----saltier water
----a pinch of sugar (something I know ferments)
----a little bit of the vegetable fermentation starter I had in the fridge but didn't want to use (you know, the whole "using the local microogranisms" thing...)

For what it's worth, they smell better now.

I still don't know how I would tell if they're safe/unsafe to eat, or when they're done/not done fermenting...
5 months ago
Added note: I have water kefir crystals available and some sort of "vegetable fermentation starter" in the fridge that I was not going to use. I'm of half a mind to make up a little bit of new salt brine and add a bit of sugar too, so the fermenters have something to ferment, and mix it into the batches, perhaps with the addition of one or the other of these fermentation aids.

5 months ago
I had a bunch of not-very-hot hot red peppers last season and decided to ferment some once I learned that that was a thing.

I watched this Green Moxie video on YouTube:

So I stuffed a bunch of medium-large peppers with the tops cut off into a 1-quart mason jar and another smaller jar, and I whipped up the brine of 2 teaspoons of salt per liter/quart of spring water without any chlorine or other toxic gick in it. Put a kind of smooth not-too-porous-looking rock on top of each to keep the peppers submerged. Placed a loosely fitting lid on top and sat in a corner of our never-very-cold kitchen. That was a little over two weeks ago.

A few things have happened, and since my fermentation adventures in the past have been limited to water kefir and pickles, I'm not sure what is normal:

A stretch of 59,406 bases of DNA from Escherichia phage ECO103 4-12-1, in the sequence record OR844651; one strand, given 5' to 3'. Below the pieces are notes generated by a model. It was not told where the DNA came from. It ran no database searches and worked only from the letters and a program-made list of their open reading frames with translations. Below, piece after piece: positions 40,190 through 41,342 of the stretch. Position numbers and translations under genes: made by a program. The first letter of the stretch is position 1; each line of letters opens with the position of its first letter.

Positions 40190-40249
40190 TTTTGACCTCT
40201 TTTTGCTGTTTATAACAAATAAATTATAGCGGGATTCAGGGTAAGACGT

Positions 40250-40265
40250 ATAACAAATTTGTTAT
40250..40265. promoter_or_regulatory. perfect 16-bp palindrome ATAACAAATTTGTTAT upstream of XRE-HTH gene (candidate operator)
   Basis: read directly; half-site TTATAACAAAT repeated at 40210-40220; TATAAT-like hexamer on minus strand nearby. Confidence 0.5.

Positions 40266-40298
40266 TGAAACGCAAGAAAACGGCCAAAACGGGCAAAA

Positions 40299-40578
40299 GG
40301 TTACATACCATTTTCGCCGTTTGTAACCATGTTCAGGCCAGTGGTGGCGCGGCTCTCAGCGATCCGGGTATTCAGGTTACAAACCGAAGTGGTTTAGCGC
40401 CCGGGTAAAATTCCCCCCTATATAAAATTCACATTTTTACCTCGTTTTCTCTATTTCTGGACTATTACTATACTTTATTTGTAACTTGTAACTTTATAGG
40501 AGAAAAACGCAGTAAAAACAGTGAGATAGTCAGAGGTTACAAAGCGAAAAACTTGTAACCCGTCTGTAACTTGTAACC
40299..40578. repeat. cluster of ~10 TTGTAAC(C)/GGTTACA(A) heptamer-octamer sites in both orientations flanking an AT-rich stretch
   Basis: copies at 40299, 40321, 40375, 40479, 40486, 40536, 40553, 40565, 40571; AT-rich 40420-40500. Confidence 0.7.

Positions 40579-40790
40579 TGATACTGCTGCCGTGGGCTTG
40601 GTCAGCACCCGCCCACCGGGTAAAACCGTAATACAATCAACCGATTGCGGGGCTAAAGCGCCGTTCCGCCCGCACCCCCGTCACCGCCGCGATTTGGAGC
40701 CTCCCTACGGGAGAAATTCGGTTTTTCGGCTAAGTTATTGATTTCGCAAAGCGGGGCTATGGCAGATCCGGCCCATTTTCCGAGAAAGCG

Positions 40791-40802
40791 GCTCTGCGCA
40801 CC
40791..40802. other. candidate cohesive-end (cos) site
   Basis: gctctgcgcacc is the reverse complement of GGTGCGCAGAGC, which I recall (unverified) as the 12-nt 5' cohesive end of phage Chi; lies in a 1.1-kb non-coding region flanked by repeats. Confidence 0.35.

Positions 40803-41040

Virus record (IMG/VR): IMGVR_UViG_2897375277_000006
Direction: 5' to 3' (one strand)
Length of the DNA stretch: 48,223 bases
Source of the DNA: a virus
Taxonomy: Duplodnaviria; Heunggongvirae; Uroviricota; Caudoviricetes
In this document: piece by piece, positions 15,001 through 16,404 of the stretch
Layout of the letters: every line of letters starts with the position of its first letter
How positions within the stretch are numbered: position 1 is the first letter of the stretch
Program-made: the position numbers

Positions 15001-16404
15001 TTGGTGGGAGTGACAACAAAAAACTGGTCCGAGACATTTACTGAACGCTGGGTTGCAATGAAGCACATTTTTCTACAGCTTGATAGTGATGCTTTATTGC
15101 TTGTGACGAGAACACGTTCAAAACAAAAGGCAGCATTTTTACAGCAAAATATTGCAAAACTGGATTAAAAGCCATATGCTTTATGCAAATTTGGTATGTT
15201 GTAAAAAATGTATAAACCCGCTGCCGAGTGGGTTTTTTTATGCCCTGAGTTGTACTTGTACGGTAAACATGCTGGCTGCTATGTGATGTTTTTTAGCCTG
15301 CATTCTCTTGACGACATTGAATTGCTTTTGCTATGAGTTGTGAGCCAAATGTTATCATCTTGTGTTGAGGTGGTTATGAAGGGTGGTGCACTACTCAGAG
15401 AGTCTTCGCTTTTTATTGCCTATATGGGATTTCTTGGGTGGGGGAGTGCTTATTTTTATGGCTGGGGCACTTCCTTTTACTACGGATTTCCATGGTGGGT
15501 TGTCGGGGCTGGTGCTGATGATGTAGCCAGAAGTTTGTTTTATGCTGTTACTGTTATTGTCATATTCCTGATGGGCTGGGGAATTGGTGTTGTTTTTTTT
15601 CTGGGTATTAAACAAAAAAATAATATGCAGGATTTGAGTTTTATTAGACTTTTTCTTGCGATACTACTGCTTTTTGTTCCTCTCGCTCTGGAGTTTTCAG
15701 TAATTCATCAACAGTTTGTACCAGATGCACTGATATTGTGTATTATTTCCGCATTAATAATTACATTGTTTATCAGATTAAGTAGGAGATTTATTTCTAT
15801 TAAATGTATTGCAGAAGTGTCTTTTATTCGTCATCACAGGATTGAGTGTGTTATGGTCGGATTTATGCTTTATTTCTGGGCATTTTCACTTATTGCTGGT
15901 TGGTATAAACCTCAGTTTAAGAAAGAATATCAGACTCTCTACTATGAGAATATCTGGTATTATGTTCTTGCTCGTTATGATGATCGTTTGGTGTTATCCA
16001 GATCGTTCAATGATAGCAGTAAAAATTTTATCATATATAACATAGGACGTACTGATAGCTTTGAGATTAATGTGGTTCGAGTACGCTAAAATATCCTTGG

• The peppers turned soft after about a week
  • They bubbled a little bit for a few days. Part of that was releasing air bubbles.
  • After maybe 5 days they started forming some scum at the top every day, which I've been removing with a wooden pallet once every day or two
  • The brine started turning kind of cloudy and red-brown-yellow-ish
  • Some white powdery-looking stuff started settling on the bottom.
  • The brine started tasting like hot pepper brine.
  • After about a week, what looks like some bright white powdery mold started appearing at the top every day, not much.
  • When opening the jars, just at first you get a little whiff of a kind of off, compost-scrap-bucket smell. But the brine still tastes good.

  • And now here's my problem: In the last 3 or 4 days, there is more stuff rising to the top. The light scum and the bright white mold have now been supplemented by a kind of clear slime maybe 2mm thick in places over the top. It's not so easy to remove, but I try. But I'm not really sure there should be slime. Or maybe it's some kind of mother or scoby or whatever that's forming? It's not as thick or solid feeling as a kombucha scoby at all.

    So my questions are:
  • Is this slime thing normal? Good? Bad?
  • How will I know when my peppers are done fermenting?
  • How will I know if my fermentation has gone wrong?
  • How do I cut the fermentation and store the peppers when they're done?

  • 5 months ago
    Not an expert, but aren't those just called French doors? i.e. two doors that meet in the middle, opening outwards.